Offtakers say they appreciate that our environmental goals are the priority, that we’re independent, and that we’re very transparent. There’s annual accountability for certified entities which we try to make efficient but comprehensive. We check in annually to ensure that operations in the facilities are still in line with what we reviewed at the time of application, and it provides good incentives for stronger stewardship during the course of the LIHI certification term.

POWERHOUSE: How many hydro facilities have been certified as low impact?

We have 177 active certifications comprising a total of 299 facilities. These are located on over 100 rivers in 24 states. Of the U.S. hydropower that is eligible for certification, 11% is currently certified. There are over 160 fish passage structures and over 1,000 recreational facilities and services at certified facilities. On the one hand, it’s great and an exclusive group. On the other hand, we’d love to see that number increase.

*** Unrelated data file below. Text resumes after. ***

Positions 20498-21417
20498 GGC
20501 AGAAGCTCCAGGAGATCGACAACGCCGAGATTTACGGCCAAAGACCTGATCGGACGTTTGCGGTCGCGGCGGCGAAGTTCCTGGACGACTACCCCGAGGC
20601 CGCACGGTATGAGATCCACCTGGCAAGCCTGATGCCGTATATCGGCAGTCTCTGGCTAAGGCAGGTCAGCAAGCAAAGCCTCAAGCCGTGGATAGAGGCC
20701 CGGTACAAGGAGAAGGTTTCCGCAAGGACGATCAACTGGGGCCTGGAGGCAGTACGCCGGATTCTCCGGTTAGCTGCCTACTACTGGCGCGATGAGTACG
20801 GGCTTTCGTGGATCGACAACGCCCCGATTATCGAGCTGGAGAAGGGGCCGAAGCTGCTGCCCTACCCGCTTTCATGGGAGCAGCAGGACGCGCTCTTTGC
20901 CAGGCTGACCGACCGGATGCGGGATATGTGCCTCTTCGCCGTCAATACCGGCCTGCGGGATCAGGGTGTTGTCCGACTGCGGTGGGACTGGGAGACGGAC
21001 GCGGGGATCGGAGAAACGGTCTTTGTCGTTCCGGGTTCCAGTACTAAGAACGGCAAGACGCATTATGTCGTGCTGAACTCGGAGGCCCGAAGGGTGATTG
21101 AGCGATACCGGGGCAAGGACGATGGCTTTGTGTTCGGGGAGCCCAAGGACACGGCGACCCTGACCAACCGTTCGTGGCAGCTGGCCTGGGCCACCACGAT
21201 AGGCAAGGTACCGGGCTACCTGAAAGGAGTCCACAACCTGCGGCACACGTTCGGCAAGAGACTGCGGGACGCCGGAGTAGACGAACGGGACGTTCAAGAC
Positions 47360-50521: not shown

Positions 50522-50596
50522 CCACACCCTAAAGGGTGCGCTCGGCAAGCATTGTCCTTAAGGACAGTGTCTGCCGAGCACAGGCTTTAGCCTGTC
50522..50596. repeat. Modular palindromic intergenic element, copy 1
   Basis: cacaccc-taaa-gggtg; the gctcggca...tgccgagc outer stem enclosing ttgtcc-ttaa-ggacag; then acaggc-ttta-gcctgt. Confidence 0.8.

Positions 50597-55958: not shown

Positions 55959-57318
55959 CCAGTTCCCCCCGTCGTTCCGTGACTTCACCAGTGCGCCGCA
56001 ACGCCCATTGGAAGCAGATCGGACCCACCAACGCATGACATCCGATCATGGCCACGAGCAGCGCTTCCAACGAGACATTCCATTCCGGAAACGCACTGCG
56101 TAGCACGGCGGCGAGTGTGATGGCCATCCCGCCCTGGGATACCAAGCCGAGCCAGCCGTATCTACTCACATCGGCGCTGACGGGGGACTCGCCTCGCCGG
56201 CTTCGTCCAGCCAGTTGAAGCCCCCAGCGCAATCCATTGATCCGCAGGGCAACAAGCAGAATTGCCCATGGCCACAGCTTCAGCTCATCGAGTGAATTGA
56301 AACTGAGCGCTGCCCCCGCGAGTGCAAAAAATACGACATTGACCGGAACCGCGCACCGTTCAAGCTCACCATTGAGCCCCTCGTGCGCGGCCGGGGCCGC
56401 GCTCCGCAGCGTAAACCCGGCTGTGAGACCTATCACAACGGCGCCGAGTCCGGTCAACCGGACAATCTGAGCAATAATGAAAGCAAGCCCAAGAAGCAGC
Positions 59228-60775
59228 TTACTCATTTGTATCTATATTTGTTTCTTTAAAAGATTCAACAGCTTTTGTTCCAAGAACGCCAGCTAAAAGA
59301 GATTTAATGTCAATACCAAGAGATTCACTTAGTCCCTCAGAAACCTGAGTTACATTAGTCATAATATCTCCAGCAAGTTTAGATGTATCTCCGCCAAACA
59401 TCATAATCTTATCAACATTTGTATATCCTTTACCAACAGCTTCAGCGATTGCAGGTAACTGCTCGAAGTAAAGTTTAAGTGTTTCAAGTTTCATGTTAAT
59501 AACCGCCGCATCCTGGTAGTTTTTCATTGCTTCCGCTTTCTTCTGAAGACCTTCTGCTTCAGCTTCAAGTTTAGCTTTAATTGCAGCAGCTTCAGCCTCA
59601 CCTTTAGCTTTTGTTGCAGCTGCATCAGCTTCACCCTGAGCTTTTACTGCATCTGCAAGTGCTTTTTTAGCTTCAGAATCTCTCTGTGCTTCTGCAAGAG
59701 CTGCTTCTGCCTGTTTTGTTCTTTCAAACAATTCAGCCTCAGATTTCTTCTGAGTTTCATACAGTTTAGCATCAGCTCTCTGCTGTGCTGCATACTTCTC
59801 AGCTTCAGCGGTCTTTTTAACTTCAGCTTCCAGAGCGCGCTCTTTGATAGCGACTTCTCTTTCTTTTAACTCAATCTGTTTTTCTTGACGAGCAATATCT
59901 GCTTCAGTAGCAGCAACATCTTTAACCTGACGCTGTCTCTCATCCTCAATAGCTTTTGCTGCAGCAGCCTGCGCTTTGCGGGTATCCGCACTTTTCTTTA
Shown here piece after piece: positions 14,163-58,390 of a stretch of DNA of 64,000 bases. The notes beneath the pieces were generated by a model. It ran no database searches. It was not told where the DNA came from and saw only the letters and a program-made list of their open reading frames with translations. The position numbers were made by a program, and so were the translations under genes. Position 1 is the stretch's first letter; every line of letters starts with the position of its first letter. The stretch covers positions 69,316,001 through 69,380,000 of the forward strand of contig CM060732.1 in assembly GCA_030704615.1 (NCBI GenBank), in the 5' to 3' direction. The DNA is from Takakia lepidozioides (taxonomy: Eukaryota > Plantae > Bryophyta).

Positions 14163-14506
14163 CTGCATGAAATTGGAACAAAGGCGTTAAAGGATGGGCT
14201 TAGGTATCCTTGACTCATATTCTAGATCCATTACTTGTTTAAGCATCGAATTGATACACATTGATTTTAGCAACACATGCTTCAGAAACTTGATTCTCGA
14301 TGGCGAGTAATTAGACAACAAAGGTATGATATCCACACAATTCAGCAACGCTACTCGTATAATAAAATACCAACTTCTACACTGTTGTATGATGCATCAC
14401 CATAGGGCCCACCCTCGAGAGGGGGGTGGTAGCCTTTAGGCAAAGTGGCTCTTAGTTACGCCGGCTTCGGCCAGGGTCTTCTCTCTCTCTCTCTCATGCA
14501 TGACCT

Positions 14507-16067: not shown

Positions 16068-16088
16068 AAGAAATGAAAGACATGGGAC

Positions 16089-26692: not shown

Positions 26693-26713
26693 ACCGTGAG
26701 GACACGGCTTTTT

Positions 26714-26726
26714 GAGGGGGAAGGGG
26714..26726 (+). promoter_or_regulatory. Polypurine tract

Our certificate holders are strong environmental stewards. They steward over a thousand river miles in the U.S., as well as the associated habitat. Of the certified facilities, 80% have threatened and endangered species present, and those species are being protected.

I also want to note that around 70% of our certificates have conditions, so we do try to be very flexible, where, if a facility is taking actions that put them on a path to meeting the goals of our standards, then we will likely certify with a condition — holding that facility accountable for making progress on that commitment.

Either things have to be achieved in order to get to the point where the facility fully meets the goals, or voluntary changes have been made to the operations or to the facility, in order to meet the goals. We will often put a condition in making sure or just calling out that voluntary action needs to be maintained for the life of the certificate, and then sometimes it’s just a best practice that we would like to call out. In any case, the standards must be met.